Obamacare even more dramatically reduces the downside of going uninsured. For example, suppose the day after you cancel your health insurance, you receive a serious diagnosis like diabetes, or cancer. Pre-Obamacare, you would not be able to buy coverage for that illness. Under Obamacare, however, insurers are required to cover you at the same premium they charged when you were healthy. You may have to wait until January for that coverage to take effect, but even so the downside risk of going uninsured is much smaller.

If you’re young and invincible, it is likely that you’ll need major medical care from an accident than a big diagnosis.  I don’t know about you, but I don’t plan on getting into a car accident this afternoon or being shot by an asshole who was until a moment ago a “very responsible gun owner”(tm) who does not know how to unload his weapon before cleaning it.  Even for a big diagnosis that does not require care this afternoon, Mr. Cannon’s “ideas” are asinine or fraud:

  • If you live in one of the 25 or so states implementing Obamacare’s Medicaid expansion, you can get coverage immediately by reducing your income below 138 percent of the federal poverty level ($16,102 for a single adult). You can then restore your income when you enroll in an exchange plan in January — or even earlier, depending on how often your state verifies eligibility.

Impoverish your family (especially since his “advice” is for people who make too much for subsidies) instead of paying for insurance.

  • If you don’t live in a Medicaid-expansion state, you can move to one, as this Idaho family did.

Uproot your family and potentially commit fraud as some states have at least a thirty day period before residency is established.  And it has been (thankfully) a while since I’ve moved, but I remember it to be a stressful and non-instaneous event.  There is something about finding an apartment, signing a lease, and then getting the keys from a landlord.  If I have a major diagnosis, this is time spent gaming the system where I am either not getting treated or I’m running up massive bills paying out of pocket.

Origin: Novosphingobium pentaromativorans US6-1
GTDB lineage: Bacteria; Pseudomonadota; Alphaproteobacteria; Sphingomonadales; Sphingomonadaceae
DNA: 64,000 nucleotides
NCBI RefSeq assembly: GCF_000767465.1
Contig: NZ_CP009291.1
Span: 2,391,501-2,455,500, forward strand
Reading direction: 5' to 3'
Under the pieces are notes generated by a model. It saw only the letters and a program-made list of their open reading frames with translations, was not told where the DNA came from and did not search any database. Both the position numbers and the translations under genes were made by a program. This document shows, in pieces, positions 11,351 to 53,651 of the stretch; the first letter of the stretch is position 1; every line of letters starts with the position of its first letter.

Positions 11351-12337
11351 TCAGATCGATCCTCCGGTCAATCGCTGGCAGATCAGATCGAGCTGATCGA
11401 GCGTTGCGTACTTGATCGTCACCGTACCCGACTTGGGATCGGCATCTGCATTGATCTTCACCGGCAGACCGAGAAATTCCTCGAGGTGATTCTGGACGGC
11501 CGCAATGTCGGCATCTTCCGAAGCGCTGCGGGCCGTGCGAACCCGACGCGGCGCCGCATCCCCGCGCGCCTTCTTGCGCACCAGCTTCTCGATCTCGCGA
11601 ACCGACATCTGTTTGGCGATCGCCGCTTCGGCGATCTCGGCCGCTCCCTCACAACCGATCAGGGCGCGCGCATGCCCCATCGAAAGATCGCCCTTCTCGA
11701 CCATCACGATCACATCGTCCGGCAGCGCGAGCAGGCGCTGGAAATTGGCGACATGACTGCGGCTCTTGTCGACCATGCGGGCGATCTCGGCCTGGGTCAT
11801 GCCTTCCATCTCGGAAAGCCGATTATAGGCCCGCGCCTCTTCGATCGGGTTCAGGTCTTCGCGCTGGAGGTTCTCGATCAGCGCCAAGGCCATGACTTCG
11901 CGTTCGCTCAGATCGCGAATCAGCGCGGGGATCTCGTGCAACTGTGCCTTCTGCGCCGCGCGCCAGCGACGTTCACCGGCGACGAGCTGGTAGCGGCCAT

The long form version of his “argument” has the sham marriage angle:

Newly married couples can enroll in an Exchange plan on their wedding day, with coverage starting on the first day of the following month, or even sooner. Happily married couples have been known get “Medicaid divorces” to qualify for Medicaid’s nursing-home coverage; we may soon see quickie “Obamacare marriages” formed solely to qualify people Exchange coverage. Websites could offer to arrange marriages between singles who share a sudden need for health insurance. Couples could divorce when they re-enroll in January.

Sure there is always the Vegas wedding route.  However, if I remember correctly, marriage has a massive set (like 1,000 or more) of  obligations, benefits, privileges and responsibilities bundled to that simple legal act.  This only works if the sick person is single AND can trust the sham marriage partner.  There is quite a lot of value of being the spouse of someone who has a good enough job and assets where they think it is cheaper to go naked than to get covered, and the divorce court judge would love to hear the explanation as to why alimony or support should not be given to the spouse as the marriage was intended to be just an open enrollment enabling sham.  Before I met my wife, I had a long, beer fueled conversations with a college friend about being mutual back-ups/green card marriage partners if we were both single in our late 30s.  That is a conversation worthy of college and good beer, not as a serious health policy. 

The converse is also true — Obamacare divorces are a costly, and dramatic.  A divorce, even if it is purely a sham, is time consuming.     An individual receiving a diagnosis on Tuesday won’t be divorced on Friday and coverage won’t start anyways until at least the 1st of the following month anyways.  There is a minimum 2.5 week gap between eligibility and coverage starts.  In some cases, there is a 6 week gap.